Posted on May 06, 2020 by Chad Sylvester
At some point, every trail camera user in the world has had an SD card full of false triggers. From experience, I can tell you it's painstakingly frustrating scrolling through 10,000 photos of nothing just in case there might be a single "real" photo buried somewhere in between. It's that same fear of missing out that bites me every fall but that's a whole different topic.
So what is the cause of "blank photos" or what we refer to as false triggers? The cause can range from a multitude of things...It could be product failure. It could be a settings error in how the camera was programmed. It could be how the camera was set up in relation to the surrounding environment.
We'll break down each scenario to provide a better understanding of each cause but before we do that it's extremely important for trail camera users to understand how cameras are triggered.
How Trail Cameras Are Triggered
Simply put, trail cameras are triggered by a detected change of infrared radiation in the environment that is being monitored by the camera's PIR sensor. This change in IR radiation can happen for a multitude of reasons. An element in the PIR could be burned out, an object could be passing through the detection area, or something as simple as the sun glaring on grass blowing in the wind. For a much more technical break down check out our article "An In-Depth Look: How Trail Camera Detection Circuits Work".
As mentioned, reading the trail camera detection article will enlighten and add more context around this scenario. False triggers/blank photos as a result of product failure are caused by a faulty PIR sensor or what we refer to as a run-away PIR. When an element inside the sensor fails, it mimics a constant difference in the IR radiation readings which triggers the camera. This is relatively common with trail cameras that operate with ultra-sensitive PIR sensors manipulated by voltage and circuitry. As a trail camera user, if you think you have a camera with a faulty PIR sensor, it is extremely easy to test and verify with the steps below
-Program the camera to Photo mode
-Set trigger delay to a short time, less than 30 seconds
-Set the burst count to 1 photo
-Format the SD card so it has no photos on it
-Power the camera on to the operational mode
-Place the camera in a dead environment where it will be impossible to record any trigger events. You can set it up in a cabinet with the door closed, directly against a wall so the camera lens and PIR are facing the wall, inside a closet, etc.
-Let the camera run for 5 minutes or so
-When you retrieve the camera and view the photos there should only be a photo of when you set the camera down and picked the camera up. If there are several photos on the camera with a time difference matching the trigger delay the camera has a faulty PIR sensor.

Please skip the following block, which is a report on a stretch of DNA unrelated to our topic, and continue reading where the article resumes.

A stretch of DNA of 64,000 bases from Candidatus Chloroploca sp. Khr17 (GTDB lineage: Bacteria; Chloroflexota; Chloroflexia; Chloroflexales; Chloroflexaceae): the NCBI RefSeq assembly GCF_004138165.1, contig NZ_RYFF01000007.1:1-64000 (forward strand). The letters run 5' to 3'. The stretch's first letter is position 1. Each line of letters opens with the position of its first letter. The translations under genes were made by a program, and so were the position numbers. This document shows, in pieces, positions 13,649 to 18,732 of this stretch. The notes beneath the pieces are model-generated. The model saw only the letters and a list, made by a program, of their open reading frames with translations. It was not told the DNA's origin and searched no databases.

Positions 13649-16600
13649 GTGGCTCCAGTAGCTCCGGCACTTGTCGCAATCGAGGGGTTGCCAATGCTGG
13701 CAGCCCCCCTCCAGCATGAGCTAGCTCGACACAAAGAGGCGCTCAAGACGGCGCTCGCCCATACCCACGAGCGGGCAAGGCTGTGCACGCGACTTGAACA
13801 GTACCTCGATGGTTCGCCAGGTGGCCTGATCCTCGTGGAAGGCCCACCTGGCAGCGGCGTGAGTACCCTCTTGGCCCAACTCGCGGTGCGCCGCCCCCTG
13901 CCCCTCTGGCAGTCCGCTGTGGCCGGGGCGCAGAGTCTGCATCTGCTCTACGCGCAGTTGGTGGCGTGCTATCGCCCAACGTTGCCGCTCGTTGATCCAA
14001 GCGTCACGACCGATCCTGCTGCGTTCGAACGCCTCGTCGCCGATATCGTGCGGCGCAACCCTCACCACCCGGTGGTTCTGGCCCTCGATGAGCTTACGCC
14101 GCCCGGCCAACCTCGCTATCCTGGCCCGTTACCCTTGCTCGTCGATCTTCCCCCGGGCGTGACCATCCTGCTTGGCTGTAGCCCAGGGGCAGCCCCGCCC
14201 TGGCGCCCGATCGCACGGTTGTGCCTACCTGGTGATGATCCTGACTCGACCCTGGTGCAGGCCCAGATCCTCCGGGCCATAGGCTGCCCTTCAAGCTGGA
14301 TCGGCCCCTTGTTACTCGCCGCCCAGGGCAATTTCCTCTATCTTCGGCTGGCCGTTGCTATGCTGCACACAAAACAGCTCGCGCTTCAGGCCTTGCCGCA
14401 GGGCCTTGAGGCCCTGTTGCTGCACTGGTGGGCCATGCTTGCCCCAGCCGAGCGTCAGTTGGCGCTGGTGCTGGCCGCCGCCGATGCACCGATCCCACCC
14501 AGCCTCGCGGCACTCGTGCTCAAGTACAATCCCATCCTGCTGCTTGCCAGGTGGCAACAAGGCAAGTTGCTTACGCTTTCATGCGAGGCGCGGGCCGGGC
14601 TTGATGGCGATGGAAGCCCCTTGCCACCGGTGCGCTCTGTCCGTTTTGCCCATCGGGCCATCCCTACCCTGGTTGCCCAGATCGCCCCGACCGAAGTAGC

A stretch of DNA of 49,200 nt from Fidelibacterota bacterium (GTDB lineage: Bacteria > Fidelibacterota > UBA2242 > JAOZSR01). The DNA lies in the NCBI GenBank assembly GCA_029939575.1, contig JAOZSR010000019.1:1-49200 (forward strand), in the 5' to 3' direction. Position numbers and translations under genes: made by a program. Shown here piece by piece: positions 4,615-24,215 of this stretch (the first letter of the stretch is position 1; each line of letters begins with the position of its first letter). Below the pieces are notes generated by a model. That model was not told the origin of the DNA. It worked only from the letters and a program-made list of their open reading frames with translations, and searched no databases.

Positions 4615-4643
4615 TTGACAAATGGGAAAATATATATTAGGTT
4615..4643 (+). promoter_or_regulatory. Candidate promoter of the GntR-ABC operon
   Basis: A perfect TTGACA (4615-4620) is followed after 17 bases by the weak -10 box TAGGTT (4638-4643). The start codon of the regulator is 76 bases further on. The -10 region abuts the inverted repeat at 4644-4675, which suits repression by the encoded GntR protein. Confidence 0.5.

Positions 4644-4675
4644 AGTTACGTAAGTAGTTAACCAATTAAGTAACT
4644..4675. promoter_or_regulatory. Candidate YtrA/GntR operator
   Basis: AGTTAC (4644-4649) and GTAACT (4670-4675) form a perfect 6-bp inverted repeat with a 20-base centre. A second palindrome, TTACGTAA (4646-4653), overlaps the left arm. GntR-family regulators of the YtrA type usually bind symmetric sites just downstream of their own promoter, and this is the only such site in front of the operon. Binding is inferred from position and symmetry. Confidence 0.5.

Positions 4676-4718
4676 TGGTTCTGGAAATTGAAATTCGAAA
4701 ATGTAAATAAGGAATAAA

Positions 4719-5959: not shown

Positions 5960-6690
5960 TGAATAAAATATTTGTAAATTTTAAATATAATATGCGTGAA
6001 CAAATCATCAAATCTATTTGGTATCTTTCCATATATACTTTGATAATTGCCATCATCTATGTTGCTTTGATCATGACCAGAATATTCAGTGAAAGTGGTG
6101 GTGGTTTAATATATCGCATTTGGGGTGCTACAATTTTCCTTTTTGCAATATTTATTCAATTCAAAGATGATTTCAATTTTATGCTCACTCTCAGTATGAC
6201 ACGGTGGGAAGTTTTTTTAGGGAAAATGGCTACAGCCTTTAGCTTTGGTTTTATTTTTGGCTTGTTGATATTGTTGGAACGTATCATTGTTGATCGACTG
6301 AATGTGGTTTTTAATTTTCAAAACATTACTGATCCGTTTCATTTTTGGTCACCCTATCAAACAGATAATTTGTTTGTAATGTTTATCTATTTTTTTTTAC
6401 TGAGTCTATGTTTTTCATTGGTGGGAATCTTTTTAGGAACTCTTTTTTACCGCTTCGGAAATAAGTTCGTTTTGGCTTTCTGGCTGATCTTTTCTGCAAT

Surprisingly, a lack of understanding of simple trail camera programming is somewhat common and often the cause of what people believe to be false triggers. There is only one thing to understand and double-check to verify the camera is not programmed incorrectly and that is Time Lapse mode. Time-Lapse mode in a trail camera will traditionally operate the camera to take a photo at set time intervals, leaving the PIR sensor inactive to trigger the camera. So if one had a camera "accidentally" programmed in Time Lapse mode at a short time interval like 15 seconds it would appear that the camera had a runaway PIR when in reality the camera was simply programmed incorrectly. With that said if you are experiencing false triggers at specific time intervals between photos, this should be the first thing to check and troubleshoot.
The video above gives a quick rundown on troubleshooting and a couple of causes of false triggers.
Purely self-inflicted and one of the most frustrating things trail camera users can go through is thousands of false triggers from a branch or grass moving around in the detection area. With wind storms and other weather events false triggers that are environment-induced are next to impossible to totally eliminate but there are some things trail camera users can do to significantly reduce them. Simply clearing any branches, weeds, grass, and other debris in the camera's detection area that has the potential to be easily moved by the wind should be removed. Aiming or positioning your cameras where the field of view and detection area will receive less sunlight also helps the cause. If you are ever wondering if your false triggers are a result of the environment and weather, just scrolling through the photos at a fast pace will show you any object with movement. This concept is almost like stitching each still frame together to create a video.
All in all, truly understanding PIR sensors, trail camera detection circuits, and how they work will prove to be invaluable when trying to pinpoint the cause of blank photos. While this article should provide some insight and baseline knowledge of different causes, be sure to check out the article mentioned above. For more content from educational trail camera content to the whitetail, hunting strategies be sure to check out our podcast Trail Cam Radio and YouTube channel.